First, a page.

"We made a lot of stupid, rough Nazi jokes. Because that also carried this energy on. At that time, Germany felt like a padded living room world with the fat, cigar-smoking old Nazi boss in it. If you sat on any part, you felt that you sit on synthetic leather with foam rubber in it. And when the guy talks to you, you felt that there were still some brown principles in it. But that that couldn't get through any more than the foam rubber through the synthetic leather. That was the general atmosphere. Not just in terms of the music, but from the whole of life in Germany. That was something covered up and unhealthy. And to get that out, I was fine. At least until the older ones came with political awareness. They then told us that is tasteless. " (Franz Bielmeier, born 1960, editor of the first German punk fanzine The Ostrich, op. Cit., P. 42f.)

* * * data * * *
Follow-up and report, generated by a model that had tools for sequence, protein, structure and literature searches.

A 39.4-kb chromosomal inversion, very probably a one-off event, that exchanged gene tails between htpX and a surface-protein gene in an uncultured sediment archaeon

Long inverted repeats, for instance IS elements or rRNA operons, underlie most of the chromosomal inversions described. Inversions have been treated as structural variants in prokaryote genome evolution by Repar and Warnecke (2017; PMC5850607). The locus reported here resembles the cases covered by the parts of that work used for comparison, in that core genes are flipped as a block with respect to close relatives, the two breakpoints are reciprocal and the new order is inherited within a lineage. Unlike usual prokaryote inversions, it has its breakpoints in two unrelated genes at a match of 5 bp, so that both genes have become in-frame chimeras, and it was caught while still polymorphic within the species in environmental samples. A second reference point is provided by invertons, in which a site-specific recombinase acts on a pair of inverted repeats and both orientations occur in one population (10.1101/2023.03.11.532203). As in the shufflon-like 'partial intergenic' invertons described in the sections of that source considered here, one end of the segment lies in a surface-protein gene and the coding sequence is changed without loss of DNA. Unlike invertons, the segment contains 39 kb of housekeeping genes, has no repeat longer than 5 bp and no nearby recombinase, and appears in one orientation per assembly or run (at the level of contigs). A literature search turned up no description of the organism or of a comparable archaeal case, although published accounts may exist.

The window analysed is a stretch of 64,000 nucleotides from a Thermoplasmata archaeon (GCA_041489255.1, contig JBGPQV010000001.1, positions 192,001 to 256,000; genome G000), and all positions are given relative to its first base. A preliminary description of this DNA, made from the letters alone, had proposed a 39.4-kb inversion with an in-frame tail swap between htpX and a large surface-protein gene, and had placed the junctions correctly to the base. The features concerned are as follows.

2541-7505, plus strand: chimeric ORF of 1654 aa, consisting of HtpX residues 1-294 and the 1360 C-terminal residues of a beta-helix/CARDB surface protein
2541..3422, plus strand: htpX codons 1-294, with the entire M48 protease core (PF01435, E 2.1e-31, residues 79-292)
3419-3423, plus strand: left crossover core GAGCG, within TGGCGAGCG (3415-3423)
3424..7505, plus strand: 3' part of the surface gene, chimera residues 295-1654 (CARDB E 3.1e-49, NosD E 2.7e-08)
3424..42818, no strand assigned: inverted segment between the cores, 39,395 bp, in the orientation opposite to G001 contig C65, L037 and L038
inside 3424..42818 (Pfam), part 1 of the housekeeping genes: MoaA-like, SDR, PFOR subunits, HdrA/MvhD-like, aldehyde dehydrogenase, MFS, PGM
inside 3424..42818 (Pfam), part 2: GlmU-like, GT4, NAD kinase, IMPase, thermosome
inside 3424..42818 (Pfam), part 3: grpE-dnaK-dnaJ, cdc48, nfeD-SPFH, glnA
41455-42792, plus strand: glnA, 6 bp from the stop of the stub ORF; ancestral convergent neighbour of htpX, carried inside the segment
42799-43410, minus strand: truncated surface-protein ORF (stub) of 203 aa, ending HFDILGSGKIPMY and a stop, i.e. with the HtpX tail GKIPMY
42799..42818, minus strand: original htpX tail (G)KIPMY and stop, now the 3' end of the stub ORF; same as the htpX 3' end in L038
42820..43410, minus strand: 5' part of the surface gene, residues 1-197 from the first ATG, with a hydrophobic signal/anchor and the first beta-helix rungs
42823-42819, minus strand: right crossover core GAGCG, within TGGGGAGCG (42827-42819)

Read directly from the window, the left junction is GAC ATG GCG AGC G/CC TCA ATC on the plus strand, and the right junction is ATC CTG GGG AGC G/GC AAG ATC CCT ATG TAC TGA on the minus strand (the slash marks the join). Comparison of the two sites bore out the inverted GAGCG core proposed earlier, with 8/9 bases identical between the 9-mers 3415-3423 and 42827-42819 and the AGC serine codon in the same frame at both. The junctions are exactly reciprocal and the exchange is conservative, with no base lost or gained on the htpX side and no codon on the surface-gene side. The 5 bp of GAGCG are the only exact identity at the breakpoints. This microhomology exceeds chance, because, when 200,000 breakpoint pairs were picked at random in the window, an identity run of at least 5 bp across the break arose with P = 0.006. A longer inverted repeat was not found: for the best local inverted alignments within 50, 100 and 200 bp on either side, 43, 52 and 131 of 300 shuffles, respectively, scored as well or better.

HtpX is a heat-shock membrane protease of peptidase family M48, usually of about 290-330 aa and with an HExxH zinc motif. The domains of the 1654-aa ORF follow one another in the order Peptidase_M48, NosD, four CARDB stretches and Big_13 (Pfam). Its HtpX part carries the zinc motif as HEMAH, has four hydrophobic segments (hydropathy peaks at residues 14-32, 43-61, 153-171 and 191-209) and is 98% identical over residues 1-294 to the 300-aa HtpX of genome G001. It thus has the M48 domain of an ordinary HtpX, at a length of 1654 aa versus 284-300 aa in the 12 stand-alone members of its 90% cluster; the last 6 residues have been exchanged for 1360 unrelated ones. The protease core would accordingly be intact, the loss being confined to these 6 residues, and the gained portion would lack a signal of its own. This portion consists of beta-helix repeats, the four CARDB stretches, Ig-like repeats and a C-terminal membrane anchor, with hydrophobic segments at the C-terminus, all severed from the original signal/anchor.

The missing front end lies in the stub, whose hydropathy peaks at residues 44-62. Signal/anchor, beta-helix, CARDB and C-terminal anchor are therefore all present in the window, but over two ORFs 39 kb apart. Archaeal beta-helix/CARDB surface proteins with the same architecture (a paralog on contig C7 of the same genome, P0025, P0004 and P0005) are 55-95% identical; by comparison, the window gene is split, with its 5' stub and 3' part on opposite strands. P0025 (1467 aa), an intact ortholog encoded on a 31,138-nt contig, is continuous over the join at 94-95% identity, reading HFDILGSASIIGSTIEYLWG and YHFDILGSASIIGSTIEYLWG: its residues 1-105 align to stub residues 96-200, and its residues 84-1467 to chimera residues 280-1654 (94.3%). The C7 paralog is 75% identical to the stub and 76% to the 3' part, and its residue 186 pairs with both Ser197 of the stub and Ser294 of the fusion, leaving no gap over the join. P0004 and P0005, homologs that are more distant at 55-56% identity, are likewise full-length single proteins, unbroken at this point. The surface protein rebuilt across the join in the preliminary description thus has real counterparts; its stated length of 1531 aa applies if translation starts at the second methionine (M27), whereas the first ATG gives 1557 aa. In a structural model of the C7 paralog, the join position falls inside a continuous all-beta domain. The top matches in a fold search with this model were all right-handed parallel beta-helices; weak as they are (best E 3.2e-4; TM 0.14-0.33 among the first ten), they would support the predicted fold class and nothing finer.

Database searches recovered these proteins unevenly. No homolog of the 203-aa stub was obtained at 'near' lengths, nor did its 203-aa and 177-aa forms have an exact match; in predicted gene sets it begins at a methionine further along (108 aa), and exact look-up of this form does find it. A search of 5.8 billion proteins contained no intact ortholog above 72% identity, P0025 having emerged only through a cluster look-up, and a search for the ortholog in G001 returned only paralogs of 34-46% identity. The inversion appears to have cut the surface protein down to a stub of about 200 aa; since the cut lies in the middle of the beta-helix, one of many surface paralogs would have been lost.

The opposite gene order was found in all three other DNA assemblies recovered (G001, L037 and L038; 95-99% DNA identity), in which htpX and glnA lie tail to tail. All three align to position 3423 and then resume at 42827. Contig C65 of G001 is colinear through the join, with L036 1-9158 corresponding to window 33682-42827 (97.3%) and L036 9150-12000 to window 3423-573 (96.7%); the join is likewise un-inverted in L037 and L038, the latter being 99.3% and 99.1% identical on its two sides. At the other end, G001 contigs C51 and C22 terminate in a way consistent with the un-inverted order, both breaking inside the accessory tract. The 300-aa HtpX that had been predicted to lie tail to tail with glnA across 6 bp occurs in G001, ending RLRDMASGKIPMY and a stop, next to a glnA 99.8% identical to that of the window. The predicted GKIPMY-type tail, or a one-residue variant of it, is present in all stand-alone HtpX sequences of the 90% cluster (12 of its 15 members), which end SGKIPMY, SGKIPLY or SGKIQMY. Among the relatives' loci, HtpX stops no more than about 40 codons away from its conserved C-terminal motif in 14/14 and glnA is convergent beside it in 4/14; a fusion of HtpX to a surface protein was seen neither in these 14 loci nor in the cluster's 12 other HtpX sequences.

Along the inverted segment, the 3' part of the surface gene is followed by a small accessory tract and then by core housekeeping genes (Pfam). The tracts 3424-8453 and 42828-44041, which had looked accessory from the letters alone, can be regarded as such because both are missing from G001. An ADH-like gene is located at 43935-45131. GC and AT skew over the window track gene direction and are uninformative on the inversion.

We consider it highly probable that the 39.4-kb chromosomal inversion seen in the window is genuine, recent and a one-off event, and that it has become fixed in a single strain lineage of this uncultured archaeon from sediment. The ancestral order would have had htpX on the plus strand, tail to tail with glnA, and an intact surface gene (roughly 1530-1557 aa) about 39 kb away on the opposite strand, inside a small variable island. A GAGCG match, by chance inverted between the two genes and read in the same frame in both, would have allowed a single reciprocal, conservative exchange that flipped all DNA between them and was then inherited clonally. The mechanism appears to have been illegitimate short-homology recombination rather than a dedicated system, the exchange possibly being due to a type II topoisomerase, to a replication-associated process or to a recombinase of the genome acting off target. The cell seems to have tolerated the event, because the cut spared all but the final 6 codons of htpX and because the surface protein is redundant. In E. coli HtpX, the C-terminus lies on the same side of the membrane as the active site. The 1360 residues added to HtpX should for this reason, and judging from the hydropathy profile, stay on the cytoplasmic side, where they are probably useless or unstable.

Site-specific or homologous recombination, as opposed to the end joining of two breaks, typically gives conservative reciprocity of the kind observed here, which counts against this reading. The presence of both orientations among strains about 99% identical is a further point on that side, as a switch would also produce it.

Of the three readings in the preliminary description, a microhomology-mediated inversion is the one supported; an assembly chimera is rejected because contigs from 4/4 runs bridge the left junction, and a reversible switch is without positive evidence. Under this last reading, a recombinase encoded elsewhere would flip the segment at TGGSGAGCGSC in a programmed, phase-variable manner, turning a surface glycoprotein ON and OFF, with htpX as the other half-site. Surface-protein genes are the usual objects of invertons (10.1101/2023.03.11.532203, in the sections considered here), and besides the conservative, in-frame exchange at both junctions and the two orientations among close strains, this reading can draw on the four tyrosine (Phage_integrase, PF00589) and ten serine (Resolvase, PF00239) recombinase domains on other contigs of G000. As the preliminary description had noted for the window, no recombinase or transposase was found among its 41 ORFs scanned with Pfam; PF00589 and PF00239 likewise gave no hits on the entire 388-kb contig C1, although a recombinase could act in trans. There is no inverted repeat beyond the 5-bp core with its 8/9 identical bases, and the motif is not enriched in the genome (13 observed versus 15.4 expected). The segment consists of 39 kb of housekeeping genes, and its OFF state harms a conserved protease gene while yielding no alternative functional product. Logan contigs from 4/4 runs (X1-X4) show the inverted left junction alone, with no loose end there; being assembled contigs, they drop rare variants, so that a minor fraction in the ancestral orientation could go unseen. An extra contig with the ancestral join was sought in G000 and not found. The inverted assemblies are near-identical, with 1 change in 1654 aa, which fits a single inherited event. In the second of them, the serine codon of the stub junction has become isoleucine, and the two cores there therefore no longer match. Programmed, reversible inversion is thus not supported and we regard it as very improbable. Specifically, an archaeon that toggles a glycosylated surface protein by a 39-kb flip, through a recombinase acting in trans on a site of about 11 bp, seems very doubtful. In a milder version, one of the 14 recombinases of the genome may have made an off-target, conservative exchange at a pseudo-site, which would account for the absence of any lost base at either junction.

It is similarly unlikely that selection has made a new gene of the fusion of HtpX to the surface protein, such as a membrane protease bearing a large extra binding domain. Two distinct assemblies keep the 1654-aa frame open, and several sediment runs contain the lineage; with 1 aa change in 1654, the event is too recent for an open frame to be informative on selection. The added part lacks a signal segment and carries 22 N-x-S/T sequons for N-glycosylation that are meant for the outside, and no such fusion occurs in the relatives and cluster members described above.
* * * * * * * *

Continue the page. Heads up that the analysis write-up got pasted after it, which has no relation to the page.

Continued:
Punk was deliberately destructive. It was about the destruction of hypocritical taboos and ideologies, not factual criticism, suggestions for improvement or even the offer of a new moral. Punk had no solutions to offer, no visions for the future, at least not those that anyone would really like to experience. Punk did not want to reform, but to destroy, including the marijuana-fogged cuddly utopias of the left. "I'm so hungry, I'm so cold / I want to go back to Buchenwald." Punks no longer believed in reform-open, democratic Germany. After all: We are in the late seventies, at a time characterized by professional bans, a mercilessly whipped through nuclear policy, a paranoid terrorist hunt, which, quite a few feared, was in the process of abolishing them to "protect democracy". "This 'Germany in autumn', that was the basic mood. Suddenly - through this hunt for the RAF and the resulting tightening of the entire legislation - you saw the real situation." (Frank Fenstermacher, born 1955, member of Der Plan and Fehlfarben and operator of the Attak label, op. Cit., P. 72)